What does a screen reader announce when the page loads? How easy is it for the user to skip past complex top navigation and find the actual sign up form? Are the form fields clearly labeled? Are any error states announced? Can the “Sign Up” button be activated from a keyboard or only by mouse click? Where does focus land when the confirmation page loads?

SCA tools struggle with this kind of thing because they’re not able to factor in design intent. They can tell you whether the username field has an associated label, but they can’t tell you whether the label makes sense in the context of the page.

E2E tools have struggled with the complexity accessibility introduces too, but they don’t have to.

Accessibility E2E testing

As we mentioned earlier, E2E testing has been around for a long time and is commonly used in software development to ensure that user flows behave as expected. However, accessibility isn’t usually considered—partly because existing E2E tools lack some accessibility-specific capabilities and partly because “the end user’s perspective” has always been assumed to be that of a non-disabled user.

Traditional E2E tests written without accessibility in mind implicitly rely on emulated mouse or touch gestures and selectors based on elements’ visual appearance, as opposed to the programmatic appearance assistive technologies rely on (shoutout to testing-library for recognizing this problem 📣). A traditional E2E test provides high confidence that a mouse user can complete the flow being tested, but low-to-no confidence for keyboard or screen reader users.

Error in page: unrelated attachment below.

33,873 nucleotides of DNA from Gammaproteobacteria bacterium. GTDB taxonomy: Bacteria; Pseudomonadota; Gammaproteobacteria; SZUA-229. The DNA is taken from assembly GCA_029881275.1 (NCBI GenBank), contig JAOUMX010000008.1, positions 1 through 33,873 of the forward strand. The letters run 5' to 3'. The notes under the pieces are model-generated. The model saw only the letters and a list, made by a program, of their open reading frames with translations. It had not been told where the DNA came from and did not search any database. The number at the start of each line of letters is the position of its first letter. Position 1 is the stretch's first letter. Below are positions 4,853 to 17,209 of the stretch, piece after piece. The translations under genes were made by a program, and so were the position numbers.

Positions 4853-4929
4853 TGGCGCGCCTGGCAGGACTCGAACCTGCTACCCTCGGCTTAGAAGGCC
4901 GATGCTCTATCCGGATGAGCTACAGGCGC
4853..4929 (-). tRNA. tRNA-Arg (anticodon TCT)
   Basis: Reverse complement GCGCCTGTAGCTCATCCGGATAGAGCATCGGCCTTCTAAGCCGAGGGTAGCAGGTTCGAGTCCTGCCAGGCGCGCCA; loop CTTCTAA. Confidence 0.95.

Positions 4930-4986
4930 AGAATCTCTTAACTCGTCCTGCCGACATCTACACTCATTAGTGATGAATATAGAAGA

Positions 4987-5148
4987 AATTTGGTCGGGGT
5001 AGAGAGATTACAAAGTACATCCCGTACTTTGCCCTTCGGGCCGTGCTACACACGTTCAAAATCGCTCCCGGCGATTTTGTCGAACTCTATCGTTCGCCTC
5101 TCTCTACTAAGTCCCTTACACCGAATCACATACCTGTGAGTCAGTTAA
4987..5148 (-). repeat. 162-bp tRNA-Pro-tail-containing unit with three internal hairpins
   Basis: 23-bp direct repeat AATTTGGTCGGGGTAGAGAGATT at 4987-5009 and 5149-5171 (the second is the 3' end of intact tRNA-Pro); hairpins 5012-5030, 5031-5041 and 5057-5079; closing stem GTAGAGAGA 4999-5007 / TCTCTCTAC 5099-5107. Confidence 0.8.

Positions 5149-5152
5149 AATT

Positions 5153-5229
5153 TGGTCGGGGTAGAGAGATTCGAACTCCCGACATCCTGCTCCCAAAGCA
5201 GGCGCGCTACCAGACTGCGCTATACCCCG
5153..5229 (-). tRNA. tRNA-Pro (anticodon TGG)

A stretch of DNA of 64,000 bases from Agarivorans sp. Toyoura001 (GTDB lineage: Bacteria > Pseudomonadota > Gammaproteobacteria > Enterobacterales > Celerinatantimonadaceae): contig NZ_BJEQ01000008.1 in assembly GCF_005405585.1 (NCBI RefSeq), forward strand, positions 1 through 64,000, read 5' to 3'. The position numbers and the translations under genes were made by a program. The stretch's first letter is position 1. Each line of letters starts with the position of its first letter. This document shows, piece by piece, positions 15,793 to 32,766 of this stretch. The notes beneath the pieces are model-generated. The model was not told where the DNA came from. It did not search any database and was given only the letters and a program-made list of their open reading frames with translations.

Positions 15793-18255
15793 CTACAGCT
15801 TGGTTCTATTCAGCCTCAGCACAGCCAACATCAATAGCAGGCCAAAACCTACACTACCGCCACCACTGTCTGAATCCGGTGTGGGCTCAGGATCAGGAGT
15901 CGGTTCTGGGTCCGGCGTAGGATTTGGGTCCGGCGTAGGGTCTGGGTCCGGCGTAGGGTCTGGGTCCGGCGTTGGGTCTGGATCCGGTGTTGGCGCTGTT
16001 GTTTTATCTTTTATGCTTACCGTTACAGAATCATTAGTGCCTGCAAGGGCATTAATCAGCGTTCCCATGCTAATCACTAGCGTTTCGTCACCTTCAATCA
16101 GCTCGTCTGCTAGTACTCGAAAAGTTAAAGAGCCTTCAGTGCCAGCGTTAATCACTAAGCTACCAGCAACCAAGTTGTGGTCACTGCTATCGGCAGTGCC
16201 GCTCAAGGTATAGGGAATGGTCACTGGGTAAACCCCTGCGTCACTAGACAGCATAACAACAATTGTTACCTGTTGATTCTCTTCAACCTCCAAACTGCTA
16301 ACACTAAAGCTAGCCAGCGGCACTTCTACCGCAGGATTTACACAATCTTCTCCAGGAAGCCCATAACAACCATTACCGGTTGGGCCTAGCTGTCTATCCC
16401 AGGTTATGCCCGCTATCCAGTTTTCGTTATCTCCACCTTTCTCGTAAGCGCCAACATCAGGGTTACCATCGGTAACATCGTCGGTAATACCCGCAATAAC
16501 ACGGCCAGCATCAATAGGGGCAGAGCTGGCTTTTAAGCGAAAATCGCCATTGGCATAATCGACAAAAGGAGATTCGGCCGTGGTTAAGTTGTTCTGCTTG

An accessibility E2E test should start from the perspective of disabled users. It should include assistive technologies, accessibility-specific features, and usability guidelines such as WCAG.

When an accessibility E2E test passes, you should have high confidence that the user flow being tested can be completed using a keyboard, a screen reader like NVDA, or voice control. You should be able to trust that skip links, zoom, and accessible alternatives for interactions like drag-and-drop work. You should even get a picture of WCAG coverage. And this should happen on every code change, providing near-real time feedback for developers.

Accessibility E2E + SCA

For Continuous Accessibility, E2E and SCA should be used together to maximize coverage in CI/CD. E2E can find the keyboard traps and screen reader bugs that SCA can’t, but SCA can quickly scan hundreds or even thousands of pages.

The trick is to prioritize. Create accessibility E2E tests for the most critical areas of your website or app and employ SCA tools for the rest. Together, they can help you achieve a Continuous Accessibility strategy with the broadest coverage.

Our approach

As longtime believers in the power of software automation to scale impact, we set out to build a way to achieve high-confidence validation that user experiences are accessible at the speed and scale of automated testing. Learn more about our End-to-end Accessibility Testing service and reach out to schedule a demo.

We’re constantly learning, so stay tuned for more on the topic of Continuous Accessibility in future articles!


  1. There’s some debate over how to categorize accessibility checkers like axe-core. A linter like eslint-plugin-jsx-a11y is the classic SCA example—it only considers source code. “Checkers” like axe-core, WAVE, etc., don’t look at a website’s source code directly. Instead they look at the DOM after a browser renders the source. That said, they are static in the sense that the DOM is not manipulated from its initial state, at least, not automatically.
  2. Source: Automated Accessibility Testing Tools: How Much Do Scans Catch? There’s plenty of debate over this number, many claim up to 50%. It’s tricky to pin down a specific number because the definition of “accessibility bugs” is up for interpretation. It’s usually an experience-based estimate of the % of bugs usually found by an automated scan when followed up by a manual audit. It doesn’t account for more complex sites having more potential bugs, nor the inverse.